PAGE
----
- Level two—companies that begin to grapple with—and benefit from—disconnecting work operations from colocation and synchronous operations. Mullenweg notes this is where many companies found themselves at the outset of the pandemic, and that they tend to recreate what they had been doing at the office, like video meetings instead of face-to-face meetings. This means workdays are full of interruptions, management worries about productivity, and workers are overloaded by communication demands.
- Level three—companies start to invest in equipment to support distributed work, like good at-home chairs, and decreasing impediments like clunky VPNs to access corporate resources. Level three companies invest so teams can come together a few weeks a year.
- Level four—at this stage of maturity, companies evaluate workers by what they accomplish, not on ‘how or when they produce it’. Level fours transition to ‘better—perhaps slower, but more deliberate—decision-making’. These companies begin to hire people regardless of physical location. Meetings are elevated by the use of synchronous and asynchronous communication tools, with greater attention to pre- and post-meeting planning and follow-through (as with Bezos six-page memos). People are given greater autonomy to accomplish their work their way.
- Level five—Mullenweg says level five is unobtainable but represents the aspirational goal of highest degrees of autonomy, outcomes-based evaluation, and asynchronous operations.
I believe a maturity model Like Mullenweg’s is helpful even though it commingles a number of trends that often are considered independently, especially by those that would like to remain—or return—to level one or two operationally.
Like any maturity model, the organization needs to decide on what level they are currently and what they aspire to become. Then they can decide which cultural and practical behaviors fit their maturity goals and make the necessary changes.
Communicating in Bursts is Best
Christoph Riedl and Anita Williams Woolley researched remote team performance and discovered ‘bursty’ communications are best:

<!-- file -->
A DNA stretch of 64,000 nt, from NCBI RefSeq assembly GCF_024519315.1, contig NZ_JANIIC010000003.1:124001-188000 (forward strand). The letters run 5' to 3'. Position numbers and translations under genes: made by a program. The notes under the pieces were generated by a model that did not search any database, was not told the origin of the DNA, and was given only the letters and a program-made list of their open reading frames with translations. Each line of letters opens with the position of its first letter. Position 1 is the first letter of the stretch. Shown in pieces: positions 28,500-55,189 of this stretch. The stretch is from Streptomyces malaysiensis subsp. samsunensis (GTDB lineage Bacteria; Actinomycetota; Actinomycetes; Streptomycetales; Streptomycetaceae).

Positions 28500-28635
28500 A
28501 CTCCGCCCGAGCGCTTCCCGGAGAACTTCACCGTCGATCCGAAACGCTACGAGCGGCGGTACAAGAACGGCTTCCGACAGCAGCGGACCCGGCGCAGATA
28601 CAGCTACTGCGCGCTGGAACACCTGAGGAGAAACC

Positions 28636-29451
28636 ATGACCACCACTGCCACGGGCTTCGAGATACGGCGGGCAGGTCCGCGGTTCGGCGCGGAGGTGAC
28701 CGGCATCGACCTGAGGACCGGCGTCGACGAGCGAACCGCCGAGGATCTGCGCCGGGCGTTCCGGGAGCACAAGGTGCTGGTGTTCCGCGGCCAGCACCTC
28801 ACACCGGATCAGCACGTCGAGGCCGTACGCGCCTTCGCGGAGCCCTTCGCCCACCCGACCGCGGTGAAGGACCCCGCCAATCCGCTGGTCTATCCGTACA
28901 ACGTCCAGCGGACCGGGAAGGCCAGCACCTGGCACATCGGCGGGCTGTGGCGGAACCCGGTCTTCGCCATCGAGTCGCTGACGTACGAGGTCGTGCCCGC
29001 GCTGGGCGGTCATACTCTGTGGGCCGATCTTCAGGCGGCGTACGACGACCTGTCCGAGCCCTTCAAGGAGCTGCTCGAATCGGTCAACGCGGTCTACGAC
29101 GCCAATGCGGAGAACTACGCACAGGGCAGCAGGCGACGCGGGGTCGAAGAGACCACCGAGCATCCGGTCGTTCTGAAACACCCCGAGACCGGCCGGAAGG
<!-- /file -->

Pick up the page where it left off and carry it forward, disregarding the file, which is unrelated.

“Human communication is naturally “bursty,” in that it involves periods of high activity followed by periods of little to none. Our research suggests that such bursts of rapid-fire communications, with longer periods of silence in between, are hallmarks of successful teams. Those silent periods are when team members often form and develop their ideas — deep work that may generate the next steps in a project or the solution to a challenge faced by the group. Bursts, in turn, help to focus energy, develop ideas, and achieve closure on specific questions, thus enabling team members to move on to the next challenge. […] they should align their work routines and then communicate in short periods when everybody can respond rapidly and attentively. That’s the route to higher performance.”
The authors contrast being ‘bursty’ with the often-cited serendipity from chance interactions in the office.
The bottom line: Worry less about sparking creativity and connection through watercooler-style interactions in the physical world, and focus more on facilitating bursty communication.
Decision Making: Intermittently Communicating Is Best
How do the best decisions get made? Our intuition might lead us to think getting a bunch of knowledgeable people in a room and supplied with the facts will lead naturally to good decisions. But Ethan Berstein and a group of researchers sought to find out if that was indeed the best way to go. They discovered that ‘always on’ leads to worse results than an alternation of asynchronous individual work and exploration of the problem and periodic group interaction, sharing individual ideas and insights.